Multiple ubiquitin-dependent processing pathways regulate hedgehog/Gli signaling: Implications for cell development and tumorigenesis

Lucia Di Marcotullio, Elisabetta Ferretti, Azzura Greco, Enrico De Smaele, Isabella Screpanti, Alberto Gulino

Research output: Contribution to journalArticlepeer-review


Hedgehog pathway is crucial for the maintenance and self-renewal of neural stem cells and for tumorigenesis. Hedgehog signaling is limited by multiple E3 ubiquitin ligases that process the downstream transcription factors Gli. Cullin family-based ubiquitination results in either Cullin1-Slimb/βTrCP - or Cullin3-HIB/Roadkill/SPOP-dependent proteolytic processing or degradation of Drosophila Cubitus interruptus or mammalian Gli proteins. We have recently identified Itch as an additional HECT family E3 ligase, able to ubiquitinate and degrade Gli1. A functional link with the influence of Hedgehog signaling on cell development and tumorigenesis is suggested by the identification of Numb as a promoter of such an Itch-dependent ubiquitination process that leads to Gli1 degradation, thus suppressing its transcriptional function. Numb is an evolutionary conserved developmental protein that, during progenitor division, asymmetrically segregates to daughter cells thereby determining distinct binary cell fates. Numb is downregulated in cerebellar progenitors and their malignant derivatives (i.e. medulloblastoma cells). Furthermore, Numb has anti-proliferative and pro-differentiation effects on both cerebellar progenitors and medulloblastoma cells, due to its suppression of functional Gli1. These findings unveil a novel Numb/Itch-dependent regulatory loop that limits the extent and duration of Hedgehog signaling during neural progenitor differentiation. Its subversion emerges as a relevant event in brain tumorigenesis.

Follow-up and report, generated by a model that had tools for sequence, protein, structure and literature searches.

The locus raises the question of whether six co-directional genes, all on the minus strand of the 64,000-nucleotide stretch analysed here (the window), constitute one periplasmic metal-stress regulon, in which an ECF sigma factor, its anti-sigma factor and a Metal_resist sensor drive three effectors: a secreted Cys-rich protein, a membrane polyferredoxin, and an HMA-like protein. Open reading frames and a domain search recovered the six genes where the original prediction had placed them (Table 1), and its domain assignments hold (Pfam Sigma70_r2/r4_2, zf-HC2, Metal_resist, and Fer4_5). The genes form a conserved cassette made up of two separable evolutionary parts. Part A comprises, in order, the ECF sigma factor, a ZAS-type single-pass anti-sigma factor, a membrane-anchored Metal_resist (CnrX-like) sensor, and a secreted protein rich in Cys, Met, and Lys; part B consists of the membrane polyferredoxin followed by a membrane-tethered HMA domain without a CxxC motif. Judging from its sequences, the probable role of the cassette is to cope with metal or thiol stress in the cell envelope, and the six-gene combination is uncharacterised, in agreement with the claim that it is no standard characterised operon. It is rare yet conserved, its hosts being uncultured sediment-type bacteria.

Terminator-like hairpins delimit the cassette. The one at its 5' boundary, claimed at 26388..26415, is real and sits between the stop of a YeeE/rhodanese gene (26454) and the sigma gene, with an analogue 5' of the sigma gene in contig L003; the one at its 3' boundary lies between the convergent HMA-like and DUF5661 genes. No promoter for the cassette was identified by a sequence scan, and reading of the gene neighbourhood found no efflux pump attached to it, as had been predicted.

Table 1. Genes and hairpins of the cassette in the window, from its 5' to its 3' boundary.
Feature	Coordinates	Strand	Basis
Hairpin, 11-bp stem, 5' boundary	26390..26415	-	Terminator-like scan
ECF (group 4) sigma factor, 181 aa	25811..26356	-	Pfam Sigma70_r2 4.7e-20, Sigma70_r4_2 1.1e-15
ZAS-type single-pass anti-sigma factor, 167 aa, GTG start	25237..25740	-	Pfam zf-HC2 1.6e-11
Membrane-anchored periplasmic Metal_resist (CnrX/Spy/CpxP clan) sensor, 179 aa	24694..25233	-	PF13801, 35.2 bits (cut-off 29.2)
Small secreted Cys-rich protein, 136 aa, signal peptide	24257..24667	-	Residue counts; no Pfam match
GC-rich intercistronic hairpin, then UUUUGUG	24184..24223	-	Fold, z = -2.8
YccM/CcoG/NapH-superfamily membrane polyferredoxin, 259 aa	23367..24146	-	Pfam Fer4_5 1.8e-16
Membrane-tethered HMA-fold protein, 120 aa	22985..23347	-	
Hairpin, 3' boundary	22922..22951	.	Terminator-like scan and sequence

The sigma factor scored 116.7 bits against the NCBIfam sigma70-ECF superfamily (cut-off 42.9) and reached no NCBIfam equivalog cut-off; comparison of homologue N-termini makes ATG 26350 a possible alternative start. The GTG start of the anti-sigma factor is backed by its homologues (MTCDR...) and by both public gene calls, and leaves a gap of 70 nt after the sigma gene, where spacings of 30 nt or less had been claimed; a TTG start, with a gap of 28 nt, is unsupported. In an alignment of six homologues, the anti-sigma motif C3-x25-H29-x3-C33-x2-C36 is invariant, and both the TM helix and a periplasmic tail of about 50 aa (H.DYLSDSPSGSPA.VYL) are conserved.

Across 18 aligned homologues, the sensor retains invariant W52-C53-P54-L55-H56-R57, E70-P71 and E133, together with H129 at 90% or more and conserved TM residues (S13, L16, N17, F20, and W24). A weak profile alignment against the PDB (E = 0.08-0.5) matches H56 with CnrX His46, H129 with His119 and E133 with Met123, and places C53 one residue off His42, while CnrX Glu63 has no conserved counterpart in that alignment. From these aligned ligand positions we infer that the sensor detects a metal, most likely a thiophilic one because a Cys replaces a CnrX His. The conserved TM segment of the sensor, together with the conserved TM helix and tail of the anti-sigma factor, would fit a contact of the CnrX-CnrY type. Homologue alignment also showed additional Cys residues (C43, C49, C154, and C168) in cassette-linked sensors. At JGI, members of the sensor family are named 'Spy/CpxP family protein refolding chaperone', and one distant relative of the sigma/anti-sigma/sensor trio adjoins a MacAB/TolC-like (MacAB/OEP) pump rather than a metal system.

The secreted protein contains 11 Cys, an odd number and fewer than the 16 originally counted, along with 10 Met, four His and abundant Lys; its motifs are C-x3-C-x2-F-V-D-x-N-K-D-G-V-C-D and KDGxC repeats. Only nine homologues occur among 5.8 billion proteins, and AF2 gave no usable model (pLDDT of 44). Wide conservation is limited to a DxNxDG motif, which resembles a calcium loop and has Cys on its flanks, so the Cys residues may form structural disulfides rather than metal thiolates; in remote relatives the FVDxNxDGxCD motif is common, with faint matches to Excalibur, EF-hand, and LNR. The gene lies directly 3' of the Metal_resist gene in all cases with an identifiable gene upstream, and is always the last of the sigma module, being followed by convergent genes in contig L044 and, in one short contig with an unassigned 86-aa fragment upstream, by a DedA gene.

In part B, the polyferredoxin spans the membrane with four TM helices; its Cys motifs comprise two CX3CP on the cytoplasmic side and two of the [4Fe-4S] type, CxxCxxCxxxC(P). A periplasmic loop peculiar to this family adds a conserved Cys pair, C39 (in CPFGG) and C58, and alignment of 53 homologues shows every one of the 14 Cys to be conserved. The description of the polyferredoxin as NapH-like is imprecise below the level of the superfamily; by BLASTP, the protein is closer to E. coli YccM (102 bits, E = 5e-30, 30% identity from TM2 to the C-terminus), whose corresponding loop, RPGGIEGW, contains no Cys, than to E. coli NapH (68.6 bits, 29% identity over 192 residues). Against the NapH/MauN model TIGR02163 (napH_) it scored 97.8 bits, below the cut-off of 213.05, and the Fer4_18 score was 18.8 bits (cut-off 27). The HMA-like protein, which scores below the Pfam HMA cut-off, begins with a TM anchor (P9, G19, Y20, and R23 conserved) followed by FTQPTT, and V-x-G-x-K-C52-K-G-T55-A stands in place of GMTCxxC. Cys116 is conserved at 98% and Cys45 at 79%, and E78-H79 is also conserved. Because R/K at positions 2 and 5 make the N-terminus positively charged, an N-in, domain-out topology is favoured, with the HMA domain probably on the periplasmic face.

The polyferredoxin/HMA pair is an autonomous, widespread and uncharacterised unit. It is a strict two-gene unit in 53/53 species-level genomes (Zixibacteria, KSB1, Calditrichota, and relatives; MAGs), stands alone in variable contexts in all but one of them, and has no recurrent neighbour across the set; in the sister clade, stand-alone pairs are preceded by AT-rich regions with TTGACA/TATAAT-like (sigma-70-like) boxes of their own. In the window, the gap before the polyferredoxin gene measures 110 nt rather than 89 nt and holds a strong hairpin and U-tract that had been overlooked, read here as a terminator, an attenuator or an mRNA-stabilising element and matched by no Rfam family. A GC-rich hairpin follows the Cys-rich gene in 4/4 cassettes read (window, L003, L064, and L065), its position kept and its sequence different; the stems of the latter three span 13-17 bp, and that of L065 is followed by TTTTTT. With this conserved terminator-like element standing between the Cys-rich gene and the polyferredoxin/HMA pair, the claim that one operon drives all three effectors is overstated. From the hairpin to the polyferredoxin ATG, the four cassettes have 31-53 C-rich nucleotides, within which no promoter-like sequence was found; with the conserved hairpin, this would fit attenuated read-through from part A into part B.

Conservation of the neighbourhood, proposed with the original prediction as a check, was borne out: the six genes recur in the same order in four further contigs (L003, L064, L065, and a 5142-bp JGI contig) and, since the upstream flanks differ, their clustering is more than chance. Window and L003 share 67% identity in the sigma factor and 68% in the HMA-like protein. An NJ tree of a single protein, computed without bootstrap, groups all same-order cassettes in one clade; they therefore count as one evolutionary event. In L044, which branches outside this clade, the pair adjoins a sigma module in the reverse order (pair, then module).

Original languageEnglish
Pages (from-to)390-393
Number of pages4
JournalCell Cycle
Issue number4
Publication statusPublished - Feb 15 2007


  • Brain tumors
  • E3 ubiquitin ligase
  • Gli
  • Hedgehog
  • Itch
  • Numb
  • Stem cell

ASJC Scopus subject areas

  • Biochemistry
  • Cell Biology
  • Molecular Biology


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